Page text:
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François Boucher (1703 - 1770)

Lifespan: 1700s - 1770s

Related: erotic art - 1700s - Rococo - French art

Girl Reclining (Louise O'Murphy) 1751 - François Boucher

Odalisque (detail) c. 1745 - François Boucher

Odalisque c. 1745 - François Boucher


François Boucher (Bordeaux 1703 - May 30, 1770) was a French painter, a proponent of Rococo taste, known for his idyllic and voluptuous paintings on classical themes, decorative allegories representing the arts or pastoral occupations, and several portraits of Madame de Pompadour.

With much of his work reflecting inspiration gained from artists Watteau and Rubens, Boucher's early work celebrates the idyllic and tranquil, portraying nature and landscape with great élan. However, his work typically forgoes traditional rural innocence to portray scenes with a definitive style of eroticism, and his mythological scenes are passionate and amorous rather than traditionally epic.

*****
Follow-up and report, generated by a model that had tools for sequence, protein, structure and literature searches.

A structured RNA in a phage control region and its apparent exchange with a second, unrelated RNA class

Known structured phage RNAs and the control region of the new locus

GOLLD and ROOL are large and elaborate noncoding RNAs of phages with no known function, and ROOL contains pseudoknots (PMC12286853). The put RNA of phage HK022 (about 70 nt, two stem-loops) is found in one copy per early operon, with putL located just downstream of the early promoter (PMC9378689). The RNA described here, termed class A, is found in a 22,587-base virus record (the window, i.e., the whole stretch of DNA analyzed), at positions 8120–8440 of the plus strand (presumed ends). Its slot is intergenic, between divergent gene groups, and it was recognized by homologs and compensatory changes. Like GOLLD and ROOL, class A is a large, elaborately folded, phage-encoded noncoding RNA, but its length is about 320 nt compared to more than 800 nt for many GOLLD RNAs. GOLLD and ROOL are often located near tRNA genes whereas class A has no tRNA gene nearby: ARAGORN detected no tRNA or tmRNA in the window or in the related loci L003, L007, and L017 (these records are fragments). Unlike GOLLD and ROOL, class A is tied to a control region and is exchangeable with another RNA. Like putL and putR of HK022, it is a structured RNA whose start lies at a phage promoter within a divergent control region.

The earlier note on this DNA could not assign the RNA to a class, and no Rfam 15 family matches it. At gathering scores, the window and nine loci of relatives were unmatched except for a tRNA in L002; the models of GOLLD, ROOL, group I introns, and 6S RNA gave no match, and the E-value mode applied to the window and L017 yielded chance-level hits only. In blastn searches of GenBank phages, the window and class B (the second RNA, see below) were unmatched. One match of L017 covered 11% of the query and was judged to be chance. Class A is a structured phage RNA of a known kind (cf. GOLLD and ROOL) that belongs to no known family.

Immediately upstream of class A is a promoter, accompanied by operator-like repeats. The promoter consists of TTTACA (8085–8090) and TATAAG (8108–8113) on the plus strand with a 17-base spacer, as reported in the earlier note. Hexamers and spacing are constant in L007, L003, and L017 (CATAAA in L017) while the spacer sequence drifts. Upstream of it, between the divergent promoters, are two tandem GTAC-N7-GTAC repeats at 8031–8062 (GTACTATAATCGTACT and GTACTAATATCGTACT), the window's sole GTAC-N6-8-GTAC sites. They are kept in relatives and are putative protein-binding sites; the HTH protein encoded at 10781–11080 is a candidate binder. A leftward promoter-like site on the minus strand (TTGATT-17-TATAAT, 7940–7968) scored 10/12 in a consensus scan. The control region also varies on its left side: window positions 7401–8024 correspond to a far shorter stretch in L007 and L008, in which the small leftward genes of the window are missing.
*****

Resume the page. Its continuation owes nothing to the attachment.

Denis Diderot claimed that Boucher painted in a licentious style, taking special offense in Boucher's Odalisque portraits. The dark-haired version of the Odalisque portraits prompted claims by Diderot that Boucher was "prostituting his own wife", and the Blonde Odalisque was a portrait that illustrated the extra-marital relationships of the King. Boucher gained lasting notoriety through such private commissions for wealthy collectors and, after the ever-moral Diderot expressed his disapproval, his reputation came under increasing critical attack during the last of his creative years.

Francois Boucher died on May 30, 1770 in Paris, France. His name had become synonymous with the French Rococo style, along with that of his patron, Madame de Pompadour, leading the Goncourt brothers to write: "Boucher is one of those men who represent the taste of a century, who express, personify and embody it."

See also: http://en.wikipedia.org/wiki/Francois_Boucher

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